Mega dam projects – is China better than Western donors and investors?


Bakun Dam Resettlement

Bakun Dam Resettlement (Photo credit: International Rivers)


China’s rapid development and depleted domestic natural resources has spurred a massive overseas expansion: China is for example the biggest global investor in hydro power projects. Many dams in continental South East Asia are intended to generate electricity for sale to China’s relatively undeveloped South-West. But China is the major global investor in hydro power projects worldwide, and currently involved in the construction of at least 292 dams worldwide.


Researchers in the School of Politics, History and International Relations are launching a ground-breaking investigation of the political ecology of China’s overseas hydro power, in cooperation with colleagues at the University of Nottingham Ningbo campus in China, and in collaboration with researchers in the UK, Ghana and Nigeria.


Over the next three years, the team will analyse the organisation and motives of Chinese hydropower actors, and how this shapes their relations with low and middle-income countries, including Malaysia, where China’s Exim Bank is financing the controversial 2400 MW capacity Bakun Dam in Sarawak. A comparative analysis of the social, economic, environmental and political impacts of Chinese dam projects in Malaysia, Cambodia, Ghana and Nigeria will be carried out. This will lead to an analysis of the local, national and regional level governance implications of China’s rising power. In particular, this research project will question China’s foreign policy commitments to ‘responsible power’ and to ‘harmonious relations’ with partner countries. We will also examine the Corporate Social Responsibility policy and practice of Chinese State Owned Enterprises and other stakeholders, and their commitment to environmental laws and norms. The engagement of civil society organisations in response to China’s dam building will also be explored. Over 36 months, this major research project will identify the national, regional and global consequences of China’s hydro power expansion, particularly with regard to energy markets and to international development coordination efforts.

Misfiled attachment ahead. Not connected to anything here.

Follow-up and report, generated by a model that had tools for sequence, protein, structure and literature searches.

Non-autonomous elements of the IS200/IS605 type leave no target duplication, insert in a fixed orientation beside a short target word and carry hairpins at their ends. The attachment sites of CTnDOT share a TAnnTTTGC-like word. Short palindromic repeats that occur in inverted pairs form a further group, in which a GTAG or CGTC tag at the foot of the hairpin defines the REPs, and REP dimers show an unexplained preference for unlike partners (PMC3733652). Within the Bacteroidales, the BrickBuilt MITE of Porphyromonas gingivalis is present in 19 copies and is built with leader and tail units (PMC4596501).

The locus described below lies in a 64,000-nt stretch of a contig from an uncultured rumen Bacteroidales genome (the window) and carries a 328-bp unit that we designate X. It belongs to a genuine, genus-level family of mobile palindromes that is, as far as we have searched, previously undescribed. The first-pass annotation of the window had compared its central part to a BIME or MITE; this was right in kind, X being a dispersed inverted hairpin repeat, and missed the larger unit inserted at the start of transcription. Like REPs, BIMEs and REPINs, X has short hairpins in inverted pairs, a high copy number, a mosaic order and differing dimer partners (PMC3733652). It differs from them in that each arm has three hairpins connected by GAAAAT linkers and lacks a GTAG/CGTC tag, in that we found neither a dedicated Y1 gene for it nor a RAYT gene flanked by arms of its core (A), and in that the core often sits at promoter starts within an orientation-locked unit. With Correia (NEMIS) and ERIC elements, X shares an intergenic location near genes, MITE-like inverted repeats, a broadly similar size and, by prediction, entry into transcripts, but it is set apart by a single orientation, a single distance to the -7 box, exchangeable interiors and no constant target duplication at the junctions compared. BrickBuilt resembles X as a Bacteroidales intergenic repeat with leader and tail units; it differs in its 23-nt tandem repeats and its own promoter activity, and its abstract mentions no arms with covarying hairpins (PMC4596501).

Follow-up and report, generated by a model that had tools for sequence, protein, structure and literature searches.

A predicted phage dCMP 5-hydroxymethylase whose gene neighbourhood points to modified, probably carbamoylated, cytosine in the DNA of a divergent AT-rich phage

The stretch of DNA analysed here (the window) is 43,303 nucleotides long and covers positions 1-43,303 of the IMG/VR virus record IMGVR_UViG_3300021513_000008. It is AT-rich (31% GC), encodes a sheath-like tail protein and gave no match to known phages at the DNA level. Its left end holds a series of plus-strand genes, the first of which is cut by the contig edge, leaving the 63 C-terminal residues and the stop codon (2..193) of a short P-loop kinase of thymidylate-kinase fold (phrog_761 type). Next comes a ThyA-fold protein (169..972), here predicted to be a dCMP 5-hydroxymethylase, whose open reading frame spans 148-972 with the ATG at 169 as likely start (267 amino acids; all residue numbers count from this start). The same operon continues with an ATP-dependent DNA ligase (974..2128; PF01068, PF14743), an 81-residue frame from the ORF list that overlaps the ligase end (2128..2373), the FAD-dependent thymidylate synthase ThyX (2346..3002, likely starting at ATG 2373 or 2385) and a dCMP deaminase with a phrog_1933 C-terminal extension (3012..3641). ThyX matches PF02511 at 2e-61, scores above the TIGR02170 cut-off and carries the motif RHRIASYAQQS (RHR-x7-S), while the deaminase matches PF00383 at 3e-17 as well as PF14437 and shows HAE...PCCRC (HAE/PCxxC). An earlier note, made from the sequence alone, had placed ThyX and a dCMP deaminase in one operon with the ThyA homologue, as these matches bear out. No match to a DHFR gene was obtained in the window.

The project “China goes global: a comparative study of Chinese hydropower dams in Africa and Asia” is financed by the Economic and Social Research Council (ESRC) of the United Kingdom. The consortium is led by the School of Oriental and African Studies (SOAS) in London. The UNMC participants include Dr Christopher Napoli, who will analyse the political economy of hydro power at the South-East Asian and global levels. My own contribution will be the environmental impact assessments and  a mapping of local stakeholders and civil society organisations.




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